Rooftop appearing in her paintings is the Generali Building, as it is called in Jerusalem, originally built as a branch of the Italian insurance firm, ASSICURAZIONI GENERALI. On the base of the winged lion statue are the Roman numerals, MDCCCXXXI - the year of 1831, the date of the firmīs establishment. The only detail indicating when this building was completed is the strange spelling of the word, "ASSICVRAZIONI" (the Roman letters CV replaced the Italian CU). This seems to point toward the fascist era of Mussolini, who promised the Italians that they are in no way different from the ancient Romans. But Mussoliniīs burning ambition never materialized. Adjacent to the winged lion stands a wolf, but not the wolf from the Capitoline Hill. On the other side of the lion stands the flag of Israel, while another wolf is about to jump off the roof.
But what is there below roof level? There are the paved, municipal ground, the streets and the houses on them stretching into the distance, and beyond them, at the edge of the city - the dumps. Is there holiness in this as well? Another picture depicts an intersection with a bulldozer surrounded by empty and abandoned cars. And in another picture, a piece of art authorized by the department for municipal improvements lies on a traffic circle: a lawn upon which are bricks that form the Star of David, littered by bags of leftover building materials.Houses, dumps, fences, and empty, abandoned cars... Is this really all that we humans left behind? We who live in Jerusalem believed that it cannot exist without us. But the city does not live within us; rather, it lives adjacent to us. It is like the earth. It is like the Holy Land whose sacredness is intrinsic, not because someone believes in some doctrine... So if we are able to come to these conclusions on our own, what did Lena Zaidel come to say? The key to understanding her work is golden.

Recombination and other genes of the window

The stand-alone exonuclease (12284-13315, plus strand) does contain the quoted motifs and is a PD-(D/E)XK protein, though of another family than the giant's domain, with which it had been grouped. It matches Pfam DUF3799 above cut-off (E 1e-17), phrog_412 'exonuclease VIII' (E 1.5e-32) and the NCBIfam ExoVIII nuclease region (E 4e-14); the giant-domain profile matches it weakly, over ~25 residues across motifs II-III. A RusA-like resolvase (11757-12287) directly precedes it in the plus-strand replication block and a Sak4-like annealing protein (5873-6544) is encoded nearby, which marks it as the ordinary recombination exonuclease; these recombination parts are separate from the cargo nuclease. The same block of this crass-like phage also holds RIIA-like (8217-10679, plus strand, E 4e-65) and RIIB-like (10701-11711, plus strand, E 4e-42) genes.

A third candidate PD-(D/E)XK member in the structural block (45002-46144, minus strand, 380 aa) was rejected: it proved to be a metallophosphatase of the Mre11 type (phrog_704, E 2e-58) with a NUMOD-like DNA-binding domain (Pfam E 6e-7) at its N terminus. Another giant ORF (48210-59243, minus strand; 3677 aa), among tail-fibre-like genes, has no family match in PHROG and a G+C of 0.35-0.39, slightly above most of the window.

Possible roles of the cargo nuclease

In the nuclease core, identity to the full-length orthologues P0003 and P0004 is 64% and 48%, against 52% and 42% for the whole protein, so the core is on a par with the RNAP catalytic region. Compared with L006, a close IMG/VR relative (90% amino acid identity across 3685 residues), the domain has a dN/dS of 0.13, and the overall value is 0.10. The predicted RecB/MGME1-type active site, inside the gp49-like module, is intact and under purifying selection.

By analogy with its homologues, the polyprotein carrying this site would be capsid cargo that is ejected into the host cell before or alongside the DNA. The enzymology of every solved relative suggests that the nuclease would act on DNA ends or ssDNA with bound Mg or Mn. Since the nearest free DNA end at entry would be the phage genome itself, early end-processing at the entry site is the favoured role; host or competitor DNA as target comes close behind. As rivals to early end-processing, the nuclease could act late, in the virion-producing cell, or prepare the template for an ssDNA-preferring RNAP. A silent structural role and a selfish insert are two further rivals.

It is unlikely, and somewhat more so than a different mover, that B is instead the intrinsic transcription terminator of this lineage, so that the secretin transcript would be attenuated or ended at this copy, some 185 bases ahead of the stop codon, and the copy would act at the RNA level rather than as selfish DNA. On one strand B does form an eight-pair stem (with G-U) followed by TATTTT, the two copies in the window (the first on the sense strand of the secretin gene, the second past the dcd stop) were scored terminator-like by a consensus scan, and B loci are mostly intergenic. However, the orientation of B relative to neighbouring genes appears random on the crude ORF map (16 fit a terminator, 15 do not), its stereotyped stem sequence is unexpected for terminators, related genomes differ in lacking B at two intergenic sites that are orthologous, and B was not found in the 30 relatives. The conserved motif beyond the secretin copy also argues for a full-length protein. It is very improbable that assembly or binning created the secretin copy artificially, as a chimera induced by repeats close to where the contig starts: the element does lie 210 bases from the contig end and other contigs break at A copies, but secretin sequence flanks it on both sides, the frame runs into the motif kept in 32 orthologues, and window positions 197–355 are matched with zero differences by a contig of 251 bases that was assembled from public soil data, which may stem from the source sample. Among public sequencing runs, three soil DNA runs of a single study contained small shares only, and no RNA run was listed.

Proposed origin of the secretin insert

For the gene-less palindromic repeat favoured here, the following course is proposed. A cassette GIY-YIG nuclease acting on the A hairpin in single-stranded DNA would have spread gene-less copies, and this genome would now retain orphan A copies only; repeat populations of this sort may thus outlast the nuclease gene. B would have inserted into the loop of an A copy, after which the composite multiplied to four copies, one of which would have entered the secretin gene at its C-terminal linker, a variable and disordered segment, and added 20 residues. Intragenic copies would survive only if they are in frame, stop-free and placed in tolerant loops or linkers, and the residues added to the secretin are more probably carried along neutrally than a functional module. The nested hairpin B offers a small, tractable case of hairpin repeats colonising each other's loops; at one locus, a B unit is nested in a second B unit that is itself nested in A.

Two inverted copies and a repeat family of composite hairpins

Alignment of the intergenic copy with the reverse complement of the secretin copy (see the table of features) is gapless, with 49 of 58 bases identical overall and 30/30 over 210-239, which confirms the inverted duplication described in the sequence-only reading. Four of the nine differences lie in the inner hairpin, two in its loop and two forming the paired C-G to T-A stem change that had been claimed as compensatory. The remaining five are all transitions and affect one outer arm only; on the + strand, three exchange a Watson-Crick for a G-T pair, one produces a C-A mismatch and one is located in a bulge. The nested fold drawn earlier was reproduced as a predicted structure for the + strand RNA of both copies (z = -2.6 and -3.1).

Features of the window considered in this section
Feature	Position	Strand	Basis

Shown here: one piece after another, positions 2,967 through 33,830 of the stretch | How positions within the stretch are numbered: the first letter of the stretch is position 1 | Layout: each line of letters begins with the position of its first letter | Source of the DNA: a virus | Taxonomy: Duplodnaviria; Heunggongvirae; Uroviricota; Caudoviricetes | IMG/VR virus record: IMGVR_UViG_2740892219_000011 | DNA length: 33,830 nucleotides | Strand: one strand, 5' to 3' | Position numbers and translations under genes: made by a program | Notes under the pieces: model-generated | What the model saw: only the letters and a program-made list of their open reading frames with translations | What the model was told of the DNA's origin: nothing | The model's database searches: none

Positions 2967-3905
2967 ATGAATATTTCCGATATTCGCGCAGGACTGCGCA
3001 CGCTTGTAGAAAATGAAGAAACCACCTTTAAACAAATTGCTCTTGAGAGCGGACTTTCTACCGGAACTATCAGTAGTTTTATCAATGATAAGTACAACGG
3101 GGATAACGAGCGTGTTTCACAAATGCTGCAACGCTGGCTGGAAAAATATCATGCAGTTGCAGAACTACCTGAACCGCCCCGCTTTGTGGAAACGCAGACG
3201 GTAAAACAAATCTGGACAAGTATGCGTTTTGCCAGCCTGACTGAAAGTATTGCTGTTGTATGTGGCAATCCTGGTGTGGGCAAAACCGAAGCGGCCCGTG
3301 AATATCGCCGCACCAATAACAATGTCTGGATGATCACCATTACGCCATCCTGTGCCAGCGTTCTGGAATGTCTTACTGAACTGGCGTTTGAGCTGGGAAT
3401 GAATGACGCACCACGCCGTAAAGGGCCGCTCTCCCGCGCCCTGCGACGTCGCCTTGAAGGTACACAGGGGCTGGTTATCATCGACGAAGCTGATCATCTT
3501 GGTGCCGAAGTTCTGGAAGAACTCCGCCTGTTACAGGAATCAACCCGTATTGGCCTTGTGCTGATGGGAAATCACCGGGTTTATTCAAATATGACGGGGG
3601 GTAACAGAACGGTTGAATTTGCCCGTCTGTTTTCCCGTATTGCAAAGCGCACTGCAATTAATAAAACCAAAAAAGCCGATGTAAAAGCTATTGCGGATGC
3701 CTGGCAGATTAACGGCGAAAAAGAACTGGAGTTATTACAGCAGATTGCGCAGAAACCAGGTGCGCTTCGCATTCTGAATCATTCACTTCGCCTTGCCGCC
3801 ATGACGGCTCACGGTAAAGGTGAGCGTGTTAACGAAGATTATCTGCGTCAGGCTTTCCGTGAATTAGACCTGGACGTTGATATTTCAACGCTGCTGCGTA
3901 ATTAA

The golden domes and the high-quality gold on the gas stations mean that all the places of Jerusalem are holy. Even the objects we throw away are holy - because we are holy. We, as well as Jerusalem. And itīs not because we decided to be so. It was decided for us. There is no way to revoke this decision, no matter how loud we would howl like wolves...